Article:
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In this manner was the wedding furnished with guests. . “ And when the king came in to see the guests, he saw there a man which. had not on a wedding garment; and he said unto him, Friend, how camest thou in hither, not having a wedding garment? and he was speechless. Then said the king to the servants, bind him hand and foot, and take him away, and cast him into outer darkness; there shall be weeping and gnashing of teeth: for many are called, but few are chosen." . . In order to understand this part of the parable, it must be observed, that among the ancients, especially in the east, every one that came to a marriage feast was expected to appear in a handsome and elegant dress, which was called the WEDDING GARMENT. This was frequently, a white robe; and where the guest was a stranger, or was not able to provide such a robe, it was usual for the master of the feast to furnish him with one ; and if he who gave the entertainment was of high rank and great opulence, he sometimes provided marriage robes for the whole assembly. To this custom we have allusions in Homer, and E":"83x ; K 4
other classic writerg* and there arecísomne traces of it in the entertainments oficthe Turkish court at this very day ft It must be remarked also, that it was in a very high degree indecorous and offensive to gbod man pers, to intrude into the festivity without this garment; hence the indignation of the king against the bold, intruder who dared to tappear at the marriage feast without the nuptiabigat mentia. He was cast into outer durkness, he was driven away from the blaze and splet dor of the gay apartments within, to the dark ness and gloom of the street, where he was
offence he had committed, and the enjoya ments he had lost..: 5:404sfo'» JW 100 4. This man was meant to be the represen tative of those presumiptuous persons whointrude themselves into the Christian covenant, and expect to receive all the privileges and all the rewards annexed to it, without possessing when one of those Christiangrades and virtues ai *gavas Tint4b2.6 Died sich ! $18.915376.517 adhifto the entertainment given by the grand vvigier to Lord Elgin and his suite, in the palace of the seraglio, pelisses were given to all the guests. *** dol,
which : b97btle
sbichethe Gospeh requires from all those who płofess to believe and to embrace it. I Nothing id more common in Scripture than to PFE sent the habits and dispositions of the mind those bwhich determine and distinguish this whole character, under the figure of bodily garments and external habits. Thus. Job says of himself, “ I put on righteousness, and it clothed me; my judgment was as a cloak and a diadem-*." And again in Isajah it is said, “ He hath clothed me with the garments of salvation ; he hath covered me with a robe of righteousness, y as a bridegroom decketh himself with ornaments, and as a bride adorneth herself with jewels $:20 In the same manner we are commanded in the Gospel to put on bharity, to be clothed with humility; and in the book of Revelation to the elders are described as:sitting before the throne of God clothed in pphite raiment. And in the nineteenth chapter there is a passage, which is a clear and beautiful illustration of that now before uso: "The mart riage of the Lamb is come; and to her (that is to the church) was granted, that she shouldibe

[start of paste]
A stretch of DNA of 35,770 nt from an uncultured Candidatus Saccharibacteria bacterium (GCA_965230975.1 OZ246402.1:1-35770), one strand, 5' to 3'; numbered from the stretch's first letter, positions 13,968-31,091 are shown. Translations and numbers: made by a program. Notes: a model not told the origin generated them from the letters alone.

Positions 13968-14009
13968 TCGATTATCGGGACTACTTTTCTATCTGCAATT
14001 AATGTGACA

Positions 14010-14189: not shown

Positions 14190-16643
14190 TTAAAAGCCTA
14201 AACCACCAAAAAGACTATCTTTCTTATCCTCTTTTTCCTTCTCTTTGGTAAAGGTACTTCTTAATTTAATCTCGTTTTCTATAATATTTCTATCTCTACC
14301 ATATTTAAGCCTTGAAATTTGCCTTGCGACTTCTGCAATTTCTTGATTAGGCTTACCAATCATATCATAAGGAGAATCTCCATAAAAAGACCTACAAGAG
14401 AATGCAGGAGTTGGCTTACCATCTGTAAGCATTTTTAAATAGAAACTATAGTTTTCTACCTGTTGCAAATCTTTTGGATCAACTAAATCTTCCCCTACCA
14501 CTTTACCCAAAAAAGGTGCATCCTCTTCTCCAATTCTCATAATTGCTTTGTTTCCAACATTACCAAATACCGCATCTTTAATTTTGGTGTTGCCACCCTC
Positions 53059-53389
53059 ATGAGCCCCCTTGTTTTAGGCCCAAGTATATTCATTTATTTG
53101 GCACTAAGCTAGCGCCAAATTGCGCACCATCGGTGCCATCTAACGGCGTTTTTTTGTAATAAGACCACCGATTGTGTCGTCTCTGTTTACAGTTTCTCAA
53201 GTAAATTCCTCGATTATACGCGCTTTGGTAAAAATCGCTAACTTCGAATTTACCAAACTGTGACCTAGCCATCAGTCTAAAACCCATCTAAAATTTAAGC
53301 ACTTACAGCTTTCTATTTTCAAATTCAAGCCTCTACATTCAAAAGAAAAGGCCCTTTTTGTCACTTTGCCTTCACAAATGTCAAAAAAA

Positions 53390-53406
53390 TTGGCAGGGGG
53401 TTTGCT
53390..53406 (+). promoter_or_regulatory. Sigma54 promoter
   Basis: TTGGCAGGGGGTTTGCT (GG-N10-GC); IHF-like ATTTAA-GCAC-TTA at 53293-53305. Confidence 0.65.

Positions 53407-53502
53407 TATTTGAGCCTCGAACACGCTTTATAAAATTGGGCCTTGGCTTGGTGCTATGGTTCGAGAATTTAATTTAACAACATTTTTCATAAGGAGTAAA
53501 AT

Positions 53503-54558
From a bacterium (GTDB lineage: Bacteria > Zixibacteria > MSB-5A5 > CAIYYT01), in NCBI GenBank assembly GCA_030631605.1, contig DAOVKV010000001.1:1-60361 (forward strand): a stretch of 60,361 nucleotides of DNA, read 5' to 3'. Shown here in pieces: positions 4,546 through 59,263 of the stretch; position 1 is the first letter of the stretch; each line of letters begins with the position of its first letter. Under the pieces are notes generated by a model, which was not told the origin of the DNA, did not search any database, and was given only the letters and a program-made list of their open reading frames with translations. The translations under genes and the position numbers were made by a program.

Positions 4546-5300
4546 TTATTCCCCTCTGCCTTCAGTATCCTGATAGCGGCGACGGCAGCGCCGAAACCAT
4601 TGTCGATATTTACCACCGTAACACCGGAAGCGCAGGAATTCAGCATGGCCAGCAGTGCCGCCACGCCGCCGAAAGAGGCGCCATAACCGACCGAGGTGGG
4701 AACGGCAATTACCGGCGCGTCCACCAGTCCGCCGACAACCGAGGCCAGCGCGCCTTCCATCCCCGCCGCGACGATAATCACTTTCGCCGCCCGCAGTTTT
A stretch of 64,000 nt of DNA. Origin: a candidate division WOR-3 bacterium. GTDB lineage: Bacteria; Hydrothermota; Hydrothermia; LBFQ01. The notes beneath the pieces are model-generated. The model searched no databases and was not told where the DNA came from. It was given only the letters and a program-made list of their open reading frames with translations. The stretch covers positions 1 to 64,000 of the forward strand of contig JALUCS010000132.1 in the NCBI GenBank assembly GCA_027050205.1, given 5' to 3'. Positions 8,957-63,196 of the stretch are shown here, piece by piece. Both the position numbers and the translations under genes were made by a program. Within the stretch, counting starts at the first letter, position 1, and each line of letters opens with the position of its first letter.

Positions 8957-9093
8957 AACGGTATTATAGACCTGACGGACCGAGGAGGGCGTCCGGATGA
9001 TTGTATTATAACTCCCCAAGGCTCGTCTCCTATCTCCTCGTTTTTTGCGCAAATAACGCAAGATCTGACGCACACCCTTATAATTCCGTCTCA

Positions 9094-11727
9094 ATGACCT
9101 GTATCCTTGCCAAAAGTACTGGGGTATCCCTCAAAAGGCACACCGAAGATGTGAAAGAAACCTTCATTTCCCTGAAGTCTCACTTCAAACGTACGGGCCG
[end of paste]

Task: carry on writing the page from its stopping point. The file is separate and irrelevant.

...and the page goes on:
2. bu mall bo! * Job xxix. 14.
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arrayed 'arrayed in fine linen, clean and white; and this fine linen, we are expressly told, is the righteousness of saints. And he saith (unto me, Write, blessed are they which are called to the marriage supper of the Lamb; that is, of Christ the king *.”. This is a plain allusion to the parable before us ; and most evidently shews, that the man without the wedding garment is every man that is not clothed with the robe of righteousness ; every man that pretends to be a Christian, without possessing the true evangelical temper and disposition of mind, without the virtues of a holy life; every one that expects to be saved by Christ, yet regards not the conditions on which that salvåtion depends; every profane, every unjust, every dissolute man ; every one, in short, that présumes to say, “Lord, Lord, yet doeth not the will of his Father which is in Heaven ." All these shall be excluded from the marriage feast, from the privileges of the Gospel, and the joys of heaven, and shall be cast intoi outer darkeness, there shall be weeping and gnashing of teeth; for many we are told, are called, but few are chosen ; that * Rey..xix. 7, 9,9. Matth. vii. 21. .
is, is, many are called upon and invited to embrace the Gospel ; but few, comparatively speaking, receive it, or at least conduct themselves in a manner suitable to their high and heavenly calling, so as to be chosen or deemed worthy to inherit the kingdom of heaven. : I have only to observe further on this parable, that although in its primary intention it relates solely to the Jews, yet it has, like many other of our Lord's parables, a secondary reférence to persons of every denomination in every age and nation, who, through indolence, prejudice, vanity, pride, or vice, reject the Christian revelation; or who, professing to "receive it, live in direct opposition to its doctrines and its precepts. The same future punishment which is denounced against the unbelieving or hypocritical Jews, will be with equal severity inflicted on them.. xi...! 01" After Jesus had delivered this parable, the Pharisees perceiving plainly that it was difrected against them principally, were highly incensed, and determined to take their revenge, and endeavour to bring him into difficulty and danger by ensnaring questions. 9 'Then went the Pharisees and took counsel